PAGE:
Melanie Dymond Harper
mel at herald.co.uk
Mon Jan 25 12:13:09 GMT 2016
On Mon, Jan 25, 2016 at 09:45:02AM +0000, ukcrypto-request at chiark.greenend.org.uk wrote:
> > In article <D8889865-1033-46F4-82B6-50EDF78D7AFE at hayter.org>, Roger Hayter <roger at hayter.org> writes
> >> AMI, how are the keys for end-to-end users supplied?
> > Is this relevant (I don't know for sure, but as someone formerly practising in Wales maybe you have some inside track):
> > http://www.wales.nhs.uk/pearsrc/digitial_certificate_setup.pdf
> > --
> > Roland Perry
> I was never important enough to be advised to do such a thing. It does seem remarkably simple, but raises more questions. Does it use the same SSL libraries as used for encrypted web sites? If Thawte issue a certificate which you then use, does this potentially give them a way into your encrypted information or not? And is this the same system the English NHS use for end-to-end encryption? It would seem to render NHSnet irrelevant, unless its sole role is to prevent you sending encrypted email or secret documents outside NHSnet.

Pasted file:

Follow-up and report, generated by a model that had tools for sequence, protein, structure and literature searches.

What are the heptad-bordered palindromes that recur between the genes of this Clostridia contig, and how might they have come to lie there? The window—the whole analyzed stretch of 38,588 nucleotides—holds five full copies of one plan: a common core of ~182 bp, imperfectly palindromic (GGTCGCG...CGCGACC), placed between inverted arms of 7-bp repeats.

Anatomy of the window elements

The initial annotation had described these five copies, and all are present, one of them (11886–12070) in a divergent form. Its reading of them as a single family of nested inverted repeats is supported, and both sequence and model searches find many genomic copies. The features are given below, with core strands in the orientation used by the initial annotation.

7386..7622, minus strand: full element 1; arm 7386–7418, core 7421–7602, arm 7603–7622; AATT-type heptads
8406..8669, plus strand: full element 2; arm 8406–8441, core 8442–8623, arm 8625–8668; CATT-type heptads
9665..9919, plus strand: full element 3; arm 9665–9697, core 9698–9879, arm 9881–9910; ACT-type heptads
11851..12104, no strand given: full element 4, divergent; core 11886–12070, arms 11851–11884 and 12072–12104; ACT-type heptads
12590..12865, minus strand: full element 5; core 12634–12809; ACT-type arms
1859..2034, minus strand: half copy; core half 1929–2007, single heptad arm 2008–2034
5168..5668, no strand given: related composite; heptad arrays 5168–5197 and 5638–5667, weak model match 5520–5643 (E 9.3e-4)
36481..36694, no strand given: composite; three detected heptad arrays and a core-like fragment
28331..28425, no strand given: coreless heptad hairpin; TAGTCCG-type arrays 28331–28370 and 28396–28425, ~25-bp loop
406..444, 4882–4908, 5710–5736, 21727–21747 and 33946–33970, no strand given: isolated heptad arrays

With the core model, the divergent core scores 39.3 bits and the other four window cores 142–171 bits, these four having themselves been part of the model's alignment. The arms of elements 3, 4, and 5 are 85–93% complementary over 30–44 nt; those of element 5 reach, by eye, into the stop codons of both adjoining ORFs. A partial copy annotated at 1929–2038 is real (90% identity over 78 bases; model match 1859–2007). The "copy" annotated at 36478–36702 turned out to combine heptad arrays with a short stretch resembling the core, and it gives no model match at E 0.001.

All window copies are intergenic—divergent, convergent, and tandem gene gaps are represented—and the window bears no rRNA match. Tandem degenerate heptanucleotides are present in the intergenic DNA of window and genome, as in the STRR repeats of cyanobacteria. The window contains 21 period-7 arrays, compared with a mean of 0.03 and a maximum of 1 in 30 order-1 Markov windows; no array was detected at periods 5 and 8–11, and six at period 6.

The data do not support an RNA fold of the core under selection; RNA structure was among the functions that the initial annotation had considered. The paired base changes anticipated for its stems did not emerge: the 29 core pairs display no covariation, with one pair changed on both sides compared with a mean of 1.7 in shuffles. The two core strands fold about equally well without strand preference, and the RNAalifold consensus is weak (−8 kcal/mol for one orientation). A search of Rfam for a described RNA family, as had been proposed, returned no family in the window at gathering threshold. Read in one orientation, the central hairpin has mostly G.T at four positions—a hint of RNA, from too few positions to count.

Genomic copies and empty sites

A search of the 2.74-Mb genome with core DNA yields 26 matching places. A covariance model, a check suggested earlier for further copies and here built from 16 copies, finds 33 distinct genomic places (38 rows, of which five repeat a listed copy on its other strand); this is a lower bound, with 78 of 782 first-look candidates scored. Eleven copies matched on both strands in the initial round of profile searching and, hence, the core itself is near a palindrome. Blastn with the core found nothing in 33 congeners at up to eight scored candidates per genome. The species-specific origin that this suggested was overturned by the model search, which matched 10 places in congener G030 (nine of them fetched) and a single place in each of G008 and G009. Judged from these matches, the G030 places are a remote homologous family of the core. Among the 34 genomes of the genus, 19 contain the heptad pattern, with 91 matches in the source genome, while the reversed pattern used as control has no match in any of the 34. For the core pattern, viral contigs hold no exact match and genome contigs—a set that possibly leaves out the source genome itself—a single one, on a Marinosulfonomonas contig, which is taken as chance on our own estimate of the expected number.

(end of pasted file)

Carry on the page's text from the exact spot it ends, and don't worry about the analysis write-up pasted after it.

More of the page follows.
That's very, _very_ out of date. Thawte haven't done personal
certificates for a very long time, and the Thawte Web of Trust has been
dead since November 2009.
The certificate keys were generated within the browser in a similar way
to the way in which most code-signing certificates are handled these
days -- the CA doesn't typically see the private keys at all. I don't
offhand remember the precise libraries in use, I'm afraid.
Mel (formerly Thawte rep in the UK & Web of Trust notary)
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